Last week, while waiting for my appointment, I saw a nurse earnestly discussing some paperwork with a relatively young man. I overheard her mention the words "clinical trial" and "Dr. Richardson". I immediately thought that perhaps he was a recently-diagnosed MM patient and was about to enter the protocol I had just begun.

When the nurse left, I went over and introduced myself. His name is John. I asked if he was a new patient of Dr. Richardson. He said no, that he has been his patient for the last two years. He contracted MM at the age of 47! John added that he has been attending an MM support group, and while everyone else in the support group seemed to be responding well to their treatments, his treatment hasn't worked for him. Dr. Richardson doesn't understand why and is enrolling him in a clinical trial to try something new. I told him how sorry I was to hear that.

When I told him that I was recently-diagnosed and just starting a clinical trial, John turned to me and said, "I will pray for you, Bill". I didn't know what to say and came close to tears. Here was a man who had prematurely developed this dread disease while still in the prime of his life. The cast on his arm likely bespoke the havoc that MM had wreaked on his bones. He was running out of time and options, and HE was going to pray for ME? As one who is not generally disposed to prayer, I wasn't planning to pray for John. But then I did. I'll be thinking about him a lot.

Tuesday, August 9, 2011

Second Dosing Visit

Yesterday, we awoke at oh-dark-thirty to make our 7:00 am appointment at Dana Farber. They started with more blood tests, one of which was a 168 hour test to check for residual levels of last week's first drug dose. Then I got my second dose of the cocktail: MLN9078, lenalidomide, and dexamethasone. It didn't take too long--we were out of there by 9:30.

When we got home, I took a short nap, but after that, the steroid kicked in. I didn't have the irresistible urge to rush outside to install a new roof and replant my entire lawn at the same time, as one of the nurses had suggested, but I did get very hungry and ate like a pig. I also couldn't go to sleep last night. I laid awake in bed until about 6:00 this morning. I'm still on a roid high. If this post ends suddenly in mid sentence, it's probably because I suddenly crashed and my head pressed the "Post" button as it hit the keyboard. I doubt that this will hap

Friday, August 5, 2011

Pan-Mass Challenge

Today I went into Dana Farber for a blood draw, and I took this picture from Jimmy Fund Way.  As you may know, the Jimmy Fund has provided charitable support for the Dana Farber Cancer Institute for more than 60 years.  One of the major sources of contributions to the Jimmy Fund is the Pan-Mass Challenge, the nation's original fund-raising bike-a-thon.  Since 1980, the Pan-Mass Challenge has raised more than $300 million for cancer research at DFCI and is now its single largest contributor.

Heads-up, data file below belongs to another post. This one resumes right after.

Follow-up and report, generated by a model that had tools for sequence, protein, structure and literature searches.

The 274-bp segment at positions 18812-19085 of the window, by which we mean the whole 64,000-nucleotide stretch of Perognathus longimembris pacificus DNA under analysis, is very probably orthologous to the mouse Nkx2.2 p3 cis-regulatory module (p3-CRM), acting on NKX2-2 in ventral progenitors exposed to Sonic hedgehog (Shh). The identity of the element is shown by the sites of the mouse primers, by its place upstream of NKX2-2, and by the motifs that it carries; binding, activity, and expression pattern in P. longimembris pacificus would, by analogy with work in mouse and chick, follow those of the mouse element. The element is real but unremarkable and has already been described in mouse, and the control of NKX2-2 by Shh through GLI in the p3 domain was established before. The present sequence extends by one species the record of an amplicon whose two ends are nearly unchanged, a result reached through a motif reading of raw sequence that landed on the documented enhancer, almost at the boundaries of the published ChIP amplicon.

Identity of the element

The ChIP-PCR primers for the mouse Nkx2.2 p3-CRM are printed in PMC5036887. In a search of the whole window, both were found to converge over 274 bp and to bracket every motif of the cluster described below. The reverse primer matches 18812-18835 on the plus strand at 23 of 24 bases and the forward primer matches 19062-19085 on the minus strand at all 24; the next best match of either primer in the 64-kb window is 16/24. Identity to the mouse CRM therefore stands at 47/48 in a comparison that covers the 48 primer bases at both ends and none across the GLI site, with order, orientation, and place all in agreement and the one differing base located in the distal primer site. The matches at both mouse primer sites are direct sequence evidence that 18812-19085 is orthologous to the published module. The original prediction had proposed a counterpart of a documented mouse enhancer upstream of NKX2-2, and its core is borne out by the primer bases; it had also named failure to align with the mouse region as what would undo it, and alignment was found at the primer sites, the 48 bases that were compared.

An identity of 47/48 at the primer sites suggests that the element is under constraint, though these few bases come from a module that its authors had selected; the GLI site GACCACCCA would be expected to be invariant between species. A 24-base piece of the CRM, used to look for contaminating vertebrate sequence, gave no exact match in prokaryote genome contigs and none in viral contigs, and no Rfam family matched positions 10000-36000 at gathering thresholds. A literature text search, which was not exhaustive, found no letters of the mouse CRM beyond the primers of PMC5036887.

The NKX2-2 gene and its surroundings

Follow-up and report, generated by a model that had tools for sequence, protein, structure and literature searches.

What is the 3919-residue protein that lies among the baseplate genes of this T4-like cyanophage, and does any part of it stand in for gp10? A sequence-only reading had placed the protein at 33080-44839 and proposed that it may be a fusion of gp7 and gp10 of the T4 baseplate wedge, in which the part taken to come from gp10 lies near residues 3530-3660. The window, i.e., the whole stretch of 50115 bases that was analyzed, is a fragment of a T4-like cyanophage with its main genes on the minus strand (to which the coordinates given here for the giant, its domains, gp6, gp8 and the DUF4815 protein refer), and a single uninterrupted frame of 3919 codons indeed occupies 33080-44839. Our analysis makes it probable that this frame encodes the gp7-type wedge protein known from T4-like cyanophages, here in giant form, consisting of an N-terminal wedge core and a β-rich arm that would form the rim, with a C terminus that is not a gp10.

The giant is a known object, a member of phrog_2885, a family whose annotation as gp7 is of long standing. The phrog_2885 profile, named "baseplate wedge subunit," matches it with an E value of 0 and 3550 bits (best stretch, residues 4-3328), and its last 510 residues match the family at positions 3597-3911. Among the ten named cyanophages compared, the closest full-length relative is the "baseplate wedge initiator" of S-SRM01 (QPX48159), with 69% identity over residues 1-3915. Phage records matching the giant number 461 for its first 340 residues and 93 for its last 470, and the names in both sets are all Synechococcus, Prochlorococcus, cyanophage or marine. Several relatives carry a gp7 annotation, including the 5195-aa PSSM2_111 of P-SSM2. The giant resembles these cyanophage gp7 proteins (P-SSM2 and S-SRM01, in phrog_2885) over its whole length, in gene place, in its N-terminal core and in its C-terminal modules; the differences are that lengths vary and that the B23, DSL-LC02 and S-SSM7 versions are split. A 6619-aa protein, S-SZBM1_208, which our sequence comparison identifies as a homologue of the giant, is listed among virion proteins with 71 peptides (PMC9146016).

Tomorrow, my good friend, Dave Poulin, will be participating in his 4th Pan-Mass Challenge, riding from Sturbridge to Provincetown over 2 days.  He rides in honor of his mother, who died of cancer.  I have been supporting Dave in his rides, and for the past 2 years, he has also been riding in memory of my brother, Michael, who finally succumbed to cancer after a long and courageous fight.

On the eve of Dave's ride, I could not help but stand at this bridge and note the irony that I now find myself on the other side of this wonderful fund-raising venture.  I invite you to visit Dave's PMC website :

My other very good friend, Bobby Mandolese, also rode in the PMC a few years ago, and he now rides in the annual Tour-de-Cure to raise money for diabetes.   I think we all owe Dave and Bobby, and others like them, a debt of gratitude for the time and energy they have put into raising money for these worthy causes.  I know that I, for one, am very grateful.  Thank you, Dave.  Thank you, Bobby.

Thursday, August 4, 2011

Update to first post

I realize that in my first post I may have given the impression that I was unhappy with my hematologist at Lahey, Dr. Rabinowitz.  That is not the case.  I simply wanted to get access to Dana Farber, which is well known world wide for providing the best in cancer care.  Dr. Rabinowitz and Dr. Richardson know each other well and have a high degree of mutual respect.  In fact, Dr. Richardson indicated that he plans to delegate some of my followup care back to Dr. Rabinowitz so that I might not have to come all the way into Boston every time.

I just wanted to clarify this.